February 4, 2013 - It's great to be back. There's a lot going on: lots of good science finally coming to fruition ,a president who knows what needs to be done who, now that he's been re-elected; will finally do what needs to be done; most of the continent of Australia either on fire or flooding; much of eastern China - including Beijing - more and more frequently swathed in enough pollution to shorten lives significantly. A mixed bag, that's for sure.
It does seem as though there's a distinct possibility the United States may finally begin taking its environmental responsibilities seriously. Too little, too late? Only time will tell. But the nice people at Bloomberg New Energy Finance tell us that CO2 emissions have fallen by 13% in the past five years here in the U.S., putting them at their lowest levels since 1994. This has been accomplished through the application of energy-saving technologies, and a doubling in the use of renewable energy. According to Lisa Jacobson, of the Business Council for Sustainable Energy, none of this has caused economic slowing. In fact, emissions declined even as GDP increased, putting the lie to conservative arguments to the contrary.
Meanwhile, coal has fallen to 18.1% of America's total energy output, down from 22.5% in 2007. Oil burning has also declined. Natural gas, because of fracking, has increased to 31% of total energy output. This fact, viewed optimistically by some, quite negatively by others, is unlikely to hold sway for all that long. Fracked wells play out very quickly, producing a need for more and more fracking. Because methane is released both at the point of origin and during burning at the power plant, the advantage of natural gas with regard to greenhouse gas emissions (GHGE) may be small, indeed.
The expansion of wind, solar, hydro and geothermal sources of energy makes them the fastest growing of any source in the United States. Even better, total energy consumption has fallen by 6.4% since 2007 in the U.S. Most of this is due to more efficient heating and cooling systems in commercial buildings. Not to be overlooked, half a million hybrid and plug-in vehicles were purchased in the U.S. last year. Finally: the signs, it would seem, are all pointing in the right direction.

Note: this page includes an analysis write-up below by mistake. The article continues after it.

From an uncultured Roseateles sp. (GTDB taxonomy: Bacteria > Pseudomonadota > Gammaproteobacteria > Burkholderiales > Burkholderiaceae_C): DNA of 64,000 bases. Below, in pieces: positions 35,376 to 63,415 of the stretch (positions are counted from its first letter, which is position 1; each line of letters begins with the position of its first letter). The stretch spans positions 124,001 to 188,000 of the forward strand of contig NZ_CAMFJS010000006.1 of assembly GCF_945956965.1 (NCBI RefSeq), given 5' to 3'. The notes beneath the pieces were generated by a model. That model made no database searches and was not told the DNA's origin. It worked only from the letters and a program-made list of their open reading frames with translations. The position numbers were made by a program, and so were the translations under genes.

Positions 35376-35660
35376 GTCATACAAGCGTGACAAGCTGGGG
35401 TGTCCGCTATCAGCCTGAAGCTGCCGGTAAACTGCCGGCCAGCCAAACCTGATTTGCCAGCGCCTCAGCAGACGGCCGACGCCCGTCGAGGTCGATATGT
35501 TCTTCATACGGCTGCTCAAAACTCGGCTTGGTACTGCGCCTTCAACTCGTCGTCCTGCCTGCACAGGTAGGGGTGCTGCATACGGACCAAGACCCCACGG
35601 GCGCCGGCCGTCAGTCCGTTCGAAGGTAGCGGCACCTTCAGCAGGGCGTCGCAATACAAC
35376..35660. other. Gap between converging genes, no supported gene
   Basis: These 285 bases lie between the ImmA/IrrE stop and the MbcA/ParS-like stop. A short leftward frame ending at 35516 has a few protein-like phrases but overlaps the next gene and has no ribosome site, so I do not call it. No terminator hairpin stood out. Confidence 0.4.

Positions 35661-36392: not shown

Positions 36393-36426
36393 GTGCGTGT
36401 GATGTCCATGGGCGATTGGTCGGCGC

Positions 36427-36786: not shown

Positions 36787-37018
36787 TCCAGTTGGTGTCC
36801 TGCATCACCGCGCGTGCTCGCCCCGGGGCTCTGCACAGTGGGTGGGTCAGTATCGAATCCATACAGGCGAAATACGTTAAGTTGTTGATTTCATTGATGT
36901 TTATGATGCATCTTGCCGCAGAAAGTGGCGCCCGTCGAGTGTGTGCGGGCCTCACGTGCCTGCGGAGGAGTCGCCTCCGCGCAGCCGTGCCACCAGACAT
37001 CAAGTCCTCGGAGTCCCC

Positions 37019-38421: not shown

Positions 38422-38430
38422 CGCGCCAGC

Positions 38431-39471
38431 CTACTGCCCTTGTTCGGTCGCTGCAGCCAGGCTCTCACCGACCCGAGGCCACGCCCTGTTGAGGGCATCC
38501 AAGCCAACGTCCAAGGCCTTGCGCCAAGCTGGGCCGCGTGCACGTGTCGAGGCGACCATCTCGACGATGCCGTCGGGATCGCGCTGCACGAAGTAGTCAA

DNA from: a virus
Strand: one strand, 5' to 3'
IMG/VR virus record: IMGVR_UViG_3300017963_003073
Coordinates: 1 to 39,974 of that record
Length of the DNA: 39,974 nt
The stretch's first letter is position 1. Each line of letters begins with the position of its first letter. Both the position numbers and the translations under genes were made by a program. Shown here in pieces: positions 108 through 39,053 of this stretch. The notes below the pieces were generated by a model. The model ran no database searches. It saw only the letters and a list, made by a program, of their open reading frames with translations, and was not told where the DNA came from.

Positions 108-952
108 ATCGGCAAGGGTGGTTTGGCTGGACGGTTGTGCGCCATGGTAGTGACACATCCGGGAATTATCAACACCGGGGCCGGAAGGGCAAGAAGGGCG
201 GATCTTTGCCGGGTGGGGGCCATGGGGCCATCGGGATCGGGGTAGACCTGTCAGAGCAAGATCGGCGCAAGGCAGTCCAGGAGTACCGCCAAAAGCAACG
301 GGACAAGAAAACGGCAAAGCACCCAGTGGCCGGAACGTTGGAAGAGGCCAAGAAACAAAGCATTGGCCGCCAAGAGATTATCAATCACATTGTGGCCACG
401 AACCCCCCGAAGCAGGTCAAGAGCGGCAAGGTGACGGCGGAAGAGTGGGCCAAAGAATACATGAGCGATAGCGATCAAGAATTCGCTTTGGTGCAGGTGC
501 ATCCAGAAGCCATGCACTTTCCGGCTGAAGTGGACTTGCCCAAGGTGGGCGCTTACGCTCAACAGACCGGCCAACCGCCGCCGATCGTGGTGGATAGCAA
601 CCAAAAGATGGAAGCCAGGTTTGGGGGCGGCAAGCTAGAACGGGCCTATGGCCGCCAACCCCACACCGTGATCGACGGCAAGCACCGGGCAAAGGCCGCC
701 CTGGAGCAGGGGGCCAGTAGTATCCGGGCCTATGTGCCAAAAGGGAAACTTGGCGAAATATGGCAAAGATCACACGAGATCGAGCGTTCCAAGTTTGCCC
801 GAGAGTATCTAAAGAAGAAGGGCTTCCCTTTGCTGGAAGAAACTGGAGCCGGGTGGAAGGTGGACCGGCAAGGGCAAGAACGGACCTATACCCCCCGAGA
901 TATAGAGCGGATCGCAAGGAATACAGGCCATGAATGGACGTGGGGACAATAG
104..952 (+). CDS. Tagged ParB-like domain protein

The timing couldn't be better, particularly in light of the findings at the University of Reading's (U.K.) Walker Institute.
Their research indicates that rigorously limiting GHGE could save tens of millions of people from suffering and an early demise. If emissions were to peak no later than 2016,and decline at 5% a year after that, much of the expected drought and flooding could be curtailed, resulting in 20 - 65% of climate change's damaging effects being avoided between now and the year 2100. Indeed, the Institute's studies reveal that 200 million people - or more - would benefit by addressing GHGE with great urgency.
Of the impacts of climate change studied, stable crop productivity, a reduction in flooding, and sufficient energy for cooling are the likeliest benefits of a dramatic reduction in emissions. We at last know the quantifiable results of limiting the global temperature increase to 2 degrees centigrade. The vital importance of adhering to and continuing with UN climate negotiations, and the immediate beneficial effects of doing so, have never been clearer. That means the choice has never been clearer, the need for action never more immediate. Now we know.
With thanks to Climate Progress, theaustralian.com, and The Guardian (UK).